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of C.'s move "refreshing." She said colleges should resist setting limits on what views and opinions are acceptable to air in open forum and should encourage students to discuss things they find uncomfortable."If universities are not providing platforms for people to be offensive, then I don't think that they're doing part of their job," Kirtley said.
"If listening to Donald Trump or Hillary Clinton is going to make your blood pressure go up 400 points, then fine, don't listen to them.
of C."The right thing to do is empower the students, help them understand how to fight, combat and respond, not to insulate them from things they will have to face later," Stone said.
But she said she's also received several evaluations from students who said they still didn't feel prepared for how agonizing and distressing the class sessions would be.A Northwestern University professor who wrote a controversial essay on how colleges police faculty-student relationships sparked a national debate over academic and sexual freedom.(Lisa Black)Northwestern officials declined to comment for this story, but in a January editorial in The Washington Post, President Morton Schapiro cited the Black House controversy as an experience that helped convince him that "safe spaces" were necessary on the Evanston campus."I'm an economist, not a sociologist or psychologist, but those experts tell me that students don't fully embrace uncomfortable learning unless they are themselves comfortable," Schapiro wrote.Professors are still free to alert students to certain material if they choose to do so.Jane Kirtley, a media ethics and law professor at the University of Minnesota, called U.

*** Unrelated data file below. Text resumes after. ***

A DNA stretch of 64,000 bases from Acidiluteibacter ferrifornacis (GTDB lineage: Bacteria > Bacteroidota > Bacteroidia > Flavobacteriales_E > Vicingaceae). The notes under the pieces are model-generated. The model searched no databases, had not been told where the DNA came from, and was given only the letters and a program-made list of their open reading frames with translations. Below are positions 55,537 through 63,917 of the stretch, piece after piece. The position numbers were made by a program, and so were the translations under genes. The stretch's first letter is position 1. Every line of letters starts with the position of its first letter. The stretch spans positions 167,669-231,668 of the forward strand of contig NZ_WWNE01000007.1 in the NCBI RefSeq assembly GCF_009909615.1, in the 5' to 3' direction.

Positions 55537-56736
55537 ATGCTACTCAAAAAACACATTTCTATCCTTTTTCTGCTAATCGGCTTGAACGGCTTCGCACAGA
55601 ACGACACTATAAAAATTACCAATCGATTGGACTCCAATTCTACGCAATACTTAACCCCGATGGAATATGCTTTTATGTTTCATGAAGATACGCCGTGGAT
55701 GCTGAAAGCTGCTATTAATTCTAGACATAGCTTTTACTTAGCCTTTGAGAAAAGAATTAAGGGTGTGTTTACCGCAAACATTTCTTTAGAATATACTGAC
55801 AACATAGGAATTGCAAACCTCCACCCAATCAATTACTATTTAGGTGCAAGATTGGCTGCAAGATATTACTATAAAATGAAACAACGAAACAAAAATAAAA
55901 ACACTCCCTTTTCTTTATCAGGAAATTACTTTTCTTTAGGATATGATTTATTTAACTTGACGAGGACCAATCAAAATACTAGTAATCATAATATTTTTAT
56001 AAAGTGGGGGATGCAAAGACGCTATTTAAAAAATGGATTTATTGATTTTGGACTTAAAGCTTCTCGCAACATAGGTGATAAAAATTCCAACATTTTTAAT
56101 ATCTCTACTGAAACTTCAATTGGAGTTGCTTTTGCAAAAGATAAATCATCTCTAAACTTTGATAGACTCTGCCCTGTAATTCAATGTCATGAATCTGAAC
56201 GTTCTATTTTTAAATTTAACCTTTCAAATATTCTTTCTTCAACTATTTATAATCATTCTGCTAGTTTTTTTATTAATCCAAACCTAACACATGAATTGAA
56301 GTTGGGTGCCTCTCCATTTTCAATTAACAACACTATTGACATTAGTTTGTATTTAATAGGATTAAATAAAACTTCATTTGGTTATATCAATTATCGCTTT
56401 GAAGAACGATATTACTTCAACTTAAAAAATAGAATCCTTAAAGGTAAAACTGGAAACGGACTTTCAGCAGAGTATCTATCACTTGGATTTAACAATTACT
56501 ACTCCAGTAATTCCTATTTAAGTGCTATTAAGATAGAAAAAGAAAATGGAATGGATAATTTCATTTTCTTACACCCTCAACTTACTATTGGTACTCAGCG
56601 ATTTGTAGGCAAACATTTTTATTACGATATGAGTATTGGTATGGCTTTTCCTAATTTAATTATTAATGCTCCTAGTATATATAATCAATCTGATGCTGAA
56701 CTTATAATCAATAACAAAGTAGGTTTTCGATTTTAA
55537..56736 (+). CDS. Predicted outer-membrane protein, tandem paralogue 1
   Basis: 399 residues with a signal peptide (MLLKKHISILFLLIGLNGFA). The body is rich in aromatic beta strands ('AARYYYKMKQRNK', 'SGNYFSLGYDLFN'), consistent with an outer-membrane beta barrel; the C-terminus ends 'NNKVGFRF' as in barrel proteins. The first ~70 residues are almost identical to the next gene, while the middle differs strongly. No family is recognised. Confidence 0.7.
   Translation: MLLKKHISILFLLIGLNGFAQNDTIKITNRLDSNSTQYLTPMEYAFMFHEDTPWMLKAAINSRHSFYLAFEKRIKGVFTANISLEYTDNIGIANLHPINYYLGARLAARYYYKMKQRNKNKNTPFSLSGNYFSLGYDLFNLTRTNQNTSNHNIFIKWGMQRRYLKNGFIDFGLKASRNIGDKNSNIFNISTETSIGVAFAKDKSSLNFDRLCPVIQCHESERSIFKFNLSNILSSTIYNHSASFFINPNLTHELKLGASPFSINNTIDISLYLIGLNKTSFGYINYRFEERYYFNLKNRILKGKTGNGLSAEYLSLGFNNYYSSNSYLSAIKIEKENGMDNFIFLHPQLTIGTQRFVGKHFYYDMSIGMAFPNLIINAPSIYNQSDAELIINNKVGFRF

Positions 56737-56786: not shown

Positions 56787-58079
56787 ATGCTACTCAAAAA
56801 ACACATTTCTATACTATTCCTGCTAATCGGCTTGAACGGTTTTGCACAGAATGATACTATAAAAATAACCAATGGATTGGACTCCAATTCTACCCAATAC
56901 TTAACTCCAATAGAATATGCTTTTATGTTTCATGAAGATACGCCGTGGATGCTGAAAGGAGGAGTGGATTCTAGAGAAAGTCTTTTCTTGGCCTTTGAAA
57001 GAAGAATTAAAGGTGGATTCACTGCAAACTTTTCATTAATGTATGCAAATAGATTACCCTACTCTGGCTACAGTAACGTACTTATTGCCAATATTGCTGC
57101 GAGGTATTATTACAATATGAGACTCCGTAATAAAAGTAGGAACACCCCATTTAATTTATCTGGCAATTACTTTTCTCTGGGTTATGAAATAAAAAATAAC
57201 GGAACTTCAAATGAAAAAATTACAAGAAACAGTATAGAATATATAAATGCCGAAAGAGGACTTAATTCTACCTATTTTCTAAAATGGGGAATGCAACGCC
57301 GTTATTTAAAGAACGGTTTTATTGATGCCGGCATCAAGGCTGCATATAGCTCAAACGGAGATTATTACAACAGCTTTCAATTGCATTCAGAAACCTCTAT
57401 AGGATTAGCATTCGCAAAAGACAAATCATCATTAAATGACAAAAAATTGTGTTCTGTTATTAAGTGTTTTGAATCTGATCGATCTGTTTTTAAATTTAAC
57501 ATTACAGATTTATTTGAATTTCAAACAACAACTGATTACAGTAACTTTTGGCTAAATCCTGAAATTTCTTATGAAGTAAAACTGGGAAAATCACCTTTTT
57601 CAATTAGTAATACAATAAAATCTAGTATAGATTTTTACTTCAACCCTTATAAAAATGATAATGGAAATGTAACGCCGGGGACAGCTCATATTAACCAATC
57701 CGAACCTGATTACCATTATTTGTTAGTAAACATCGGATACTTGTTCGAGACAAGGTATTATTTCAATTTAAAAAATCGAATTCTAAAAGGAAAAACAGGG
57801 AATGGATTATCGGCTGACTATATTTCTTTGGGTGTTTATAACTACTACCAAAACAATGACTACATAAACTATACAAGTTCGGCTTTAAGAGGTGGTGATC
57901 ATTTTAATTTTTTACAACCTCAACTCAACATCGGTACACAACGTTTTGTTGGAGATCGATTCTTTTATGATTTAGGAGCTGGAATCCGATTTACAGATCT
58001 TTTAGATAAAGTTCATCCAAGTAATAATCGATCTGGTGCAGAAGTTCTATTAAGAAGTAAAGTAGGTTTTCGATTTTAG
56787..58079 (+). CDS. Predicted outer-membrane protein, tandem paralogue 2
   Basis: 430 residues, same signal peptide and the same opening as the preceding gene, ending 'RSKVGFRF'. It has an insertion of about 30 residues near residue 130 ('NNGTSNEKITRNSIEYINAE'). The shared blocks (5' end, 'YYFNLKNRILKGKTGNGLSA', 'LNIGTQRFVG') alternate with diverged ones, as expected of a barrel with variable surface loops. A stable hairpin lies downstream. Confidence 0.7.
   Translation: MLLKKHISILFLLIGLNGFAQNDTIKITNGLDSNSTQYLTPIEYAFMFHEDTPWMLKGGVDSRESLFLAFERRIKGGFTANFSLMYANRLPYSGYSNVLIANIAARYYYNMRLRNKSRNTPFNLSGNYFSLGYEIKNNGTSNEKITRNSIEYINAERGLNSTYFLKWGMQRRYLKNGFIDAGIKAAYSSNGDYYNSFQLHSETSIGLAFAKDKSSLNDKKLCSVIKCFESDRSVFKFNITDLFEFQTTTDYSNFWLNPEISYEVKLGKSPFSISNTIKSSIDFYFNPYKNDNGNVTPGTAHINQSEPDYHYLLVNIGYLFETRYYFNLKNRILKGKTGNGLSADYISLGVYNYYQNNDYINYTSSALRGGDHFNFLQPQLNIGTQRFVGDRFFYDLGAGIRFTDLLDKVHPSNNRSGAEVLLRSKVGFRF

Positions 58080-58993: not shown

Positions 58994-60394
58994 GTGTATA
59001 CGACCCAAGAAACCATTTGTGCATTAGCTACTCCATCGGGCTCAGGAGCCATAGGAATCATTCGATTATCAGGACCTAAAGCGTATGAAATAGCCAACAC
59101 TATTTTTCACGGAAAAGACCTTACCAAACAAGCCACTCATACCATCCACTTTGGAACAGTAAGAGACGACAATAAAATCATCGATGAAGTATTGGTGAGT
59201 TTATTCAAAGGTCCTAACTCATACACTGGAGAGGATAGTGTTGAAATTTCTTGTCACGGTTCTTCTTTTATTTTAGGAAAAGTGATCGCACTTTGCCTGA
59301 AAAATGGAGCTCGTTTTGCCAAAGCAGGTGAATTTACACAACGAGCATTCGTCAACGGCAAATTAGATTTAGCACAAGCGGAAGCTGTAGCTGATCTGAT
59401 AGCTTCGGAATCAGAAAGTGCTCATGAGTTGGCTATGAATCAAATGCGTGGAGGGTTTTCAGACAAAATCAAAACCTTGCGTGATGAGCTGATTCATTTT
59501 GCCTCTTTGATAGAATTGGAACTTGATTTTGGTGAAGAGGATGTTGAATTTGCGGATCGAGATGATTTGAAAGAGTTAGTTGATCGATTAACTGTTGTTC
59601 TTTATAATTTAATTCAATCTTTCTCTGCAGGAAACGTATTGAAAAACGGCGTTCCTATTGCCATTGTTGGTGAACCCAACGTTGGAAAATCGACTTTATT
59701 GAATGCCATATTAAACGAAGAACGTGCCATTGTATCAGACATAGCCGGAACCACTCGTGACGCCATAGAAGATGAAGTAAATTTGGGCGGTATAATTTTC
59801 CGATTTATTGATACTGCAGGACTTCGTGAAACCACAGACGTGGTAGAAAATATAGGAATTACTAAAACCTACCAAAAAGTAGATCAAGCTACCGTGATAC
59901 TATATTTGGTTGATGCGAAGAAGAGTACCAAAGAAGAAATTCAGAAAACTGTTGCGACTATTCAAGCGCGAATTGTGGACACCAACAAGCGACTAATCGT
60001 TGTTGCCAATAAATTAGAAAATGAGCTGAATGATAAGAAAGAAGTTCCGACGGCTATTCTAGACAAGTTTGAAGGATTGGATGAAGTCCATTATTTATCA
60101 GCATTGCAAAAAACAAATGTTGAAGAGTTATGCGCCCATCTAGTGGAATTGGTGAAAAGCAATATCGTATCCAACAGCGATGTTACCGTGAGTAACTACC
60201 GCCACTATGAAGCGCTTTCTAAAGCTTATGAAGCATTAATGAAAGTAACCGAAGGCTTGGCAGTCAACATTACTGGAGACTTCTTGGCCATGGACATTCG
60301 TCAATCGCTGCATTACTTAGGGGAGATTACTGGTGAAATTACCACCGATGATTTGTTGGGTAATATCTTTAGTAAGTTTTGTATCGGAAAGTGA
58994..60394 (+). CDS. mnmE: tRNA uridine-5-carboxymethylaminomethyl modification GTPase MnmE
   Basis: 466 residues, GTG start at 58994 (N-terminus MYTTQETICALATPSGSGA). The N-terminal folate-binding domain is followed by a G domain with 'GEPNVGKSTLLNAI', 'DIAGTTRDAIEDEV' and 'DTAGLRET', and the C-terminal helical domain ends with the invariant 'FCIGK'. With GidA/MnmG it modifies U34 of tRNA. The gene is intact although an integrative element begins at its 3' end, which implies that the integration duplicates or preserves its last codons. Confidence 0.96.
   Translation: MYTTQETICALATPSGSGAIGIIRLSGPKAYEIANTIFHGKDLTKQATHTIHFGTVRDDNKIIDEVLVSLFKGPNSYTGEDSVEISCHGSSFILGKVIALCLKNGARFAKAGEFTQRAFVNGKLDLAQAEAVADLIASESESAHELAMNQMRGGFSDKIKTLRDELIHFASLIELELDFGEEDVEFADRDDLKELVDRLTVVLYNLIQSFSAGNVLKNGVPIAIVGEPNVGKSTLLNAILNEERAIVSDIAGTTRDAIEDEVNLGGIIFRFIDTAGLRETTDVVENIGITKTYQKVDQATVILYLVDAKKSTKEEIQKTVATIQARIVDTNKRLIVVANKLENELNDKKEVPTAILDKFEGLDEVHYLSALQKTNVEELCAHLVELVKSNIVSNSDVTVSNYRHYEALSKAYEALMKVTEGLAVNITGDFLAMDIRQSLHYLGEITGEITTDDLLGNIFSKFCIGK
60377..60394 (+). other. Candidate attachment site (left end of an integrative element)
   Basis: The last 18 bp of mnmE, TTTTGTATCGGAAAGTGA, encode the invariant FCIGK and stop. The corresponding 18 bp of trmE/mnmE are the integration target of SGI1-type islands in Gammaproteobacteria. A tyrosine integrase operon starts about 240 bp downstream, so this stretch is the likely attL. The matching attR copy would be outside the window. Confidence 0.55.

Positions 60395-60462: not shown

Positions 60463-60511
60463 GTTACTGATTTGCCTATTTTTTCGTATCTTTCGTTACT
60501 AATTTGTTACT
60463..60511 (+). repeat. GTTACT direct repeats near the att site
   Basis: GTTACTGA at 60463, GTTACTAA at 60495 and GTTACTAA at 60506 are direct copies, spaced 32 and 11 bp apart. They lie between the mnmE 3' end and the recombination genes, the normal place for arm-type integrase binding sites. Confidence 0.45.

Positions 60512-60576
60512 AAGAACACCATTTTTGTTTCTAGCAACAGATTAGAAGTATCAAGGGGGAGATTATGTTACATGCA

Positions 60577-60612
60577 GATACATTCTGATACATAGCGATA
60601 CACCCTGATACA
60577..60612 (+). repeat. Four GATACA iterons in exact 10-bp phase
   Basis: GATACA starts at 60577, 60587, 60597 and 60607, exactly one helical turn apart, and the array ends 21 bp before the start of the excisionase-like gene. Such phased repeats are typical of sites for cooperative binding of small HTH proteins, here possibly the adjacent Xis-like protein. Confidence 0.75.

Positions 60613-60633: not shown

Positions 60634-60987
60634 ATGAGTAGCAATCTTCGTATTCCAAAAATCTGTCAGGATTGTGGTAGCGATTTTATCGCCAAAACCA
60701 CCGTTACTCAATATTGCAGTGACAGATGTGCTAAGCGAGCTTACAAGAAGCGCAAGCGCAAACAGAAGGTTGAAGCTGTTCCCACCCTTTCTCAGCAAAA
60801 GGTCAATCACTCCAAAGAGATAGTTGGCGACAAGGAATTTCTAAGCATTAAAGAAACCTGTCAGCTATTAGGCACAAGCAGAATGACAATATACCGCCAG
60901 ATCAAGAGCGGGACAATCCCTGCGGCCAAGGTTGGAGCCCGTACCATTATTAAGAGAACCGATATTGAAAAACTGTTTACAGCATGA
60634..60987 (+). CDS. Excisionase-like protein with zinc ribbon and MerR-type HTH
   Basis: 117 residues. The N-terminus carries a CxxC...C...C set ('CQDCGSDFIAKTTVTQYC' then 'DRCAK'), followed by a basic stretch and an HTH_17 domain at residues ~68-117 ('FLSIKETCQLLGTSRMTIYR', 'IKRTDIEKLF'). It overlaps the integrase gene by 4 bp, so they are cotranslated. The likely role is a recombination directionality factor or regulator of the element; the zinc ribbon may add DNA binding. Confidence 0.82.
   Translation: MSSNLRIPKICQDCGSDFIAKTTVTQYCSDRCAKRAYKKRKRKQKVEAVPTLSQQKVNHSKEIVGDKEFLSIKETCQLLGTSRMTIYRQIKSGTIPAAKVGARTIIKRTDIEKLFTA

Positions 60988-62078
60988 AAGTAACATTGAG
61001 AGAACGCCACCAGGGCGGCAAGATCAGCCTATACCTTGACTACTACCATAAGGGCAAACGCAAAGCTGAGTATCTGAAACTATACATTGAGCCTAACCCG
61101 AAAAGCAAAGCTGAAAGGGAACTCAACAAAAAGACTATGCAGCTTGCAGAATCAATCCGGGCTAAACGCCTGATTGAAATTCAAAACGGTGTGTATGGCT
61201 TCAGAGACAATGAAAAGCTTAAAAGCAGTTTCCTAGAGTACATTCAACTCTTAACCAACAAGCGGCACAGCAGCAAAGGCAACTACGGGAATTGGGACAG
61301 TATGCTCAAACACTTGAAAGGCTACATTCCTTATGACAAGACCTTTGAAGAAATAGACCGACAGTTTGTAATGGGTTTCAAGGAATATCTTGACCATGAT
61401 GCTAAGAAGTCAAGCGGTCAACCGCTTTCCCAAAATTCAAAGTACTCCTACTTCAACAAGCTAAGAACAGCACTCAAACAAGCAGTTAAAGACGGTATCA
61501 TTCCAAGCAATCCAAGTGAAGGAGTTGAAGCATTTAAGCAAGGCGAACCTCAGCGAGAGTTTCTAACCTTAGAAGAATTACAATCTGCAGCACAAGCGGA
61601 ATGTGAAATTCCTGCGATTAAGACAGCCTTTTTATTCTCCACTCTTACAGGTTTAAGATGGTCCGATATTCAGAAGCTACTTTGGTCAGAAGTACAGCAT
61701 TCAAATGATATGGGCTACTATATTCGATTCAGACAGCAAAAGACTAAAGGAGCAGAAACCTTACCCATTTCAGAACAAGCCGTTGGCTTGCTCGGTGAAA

"The irony, it seems, is that the best hope we have of creating an inclusive community is to first create spaces where members of each group feel safe."Colleen Crane, a University of Michigan lecturer in social work, supports the use of trigger warnings in some cases.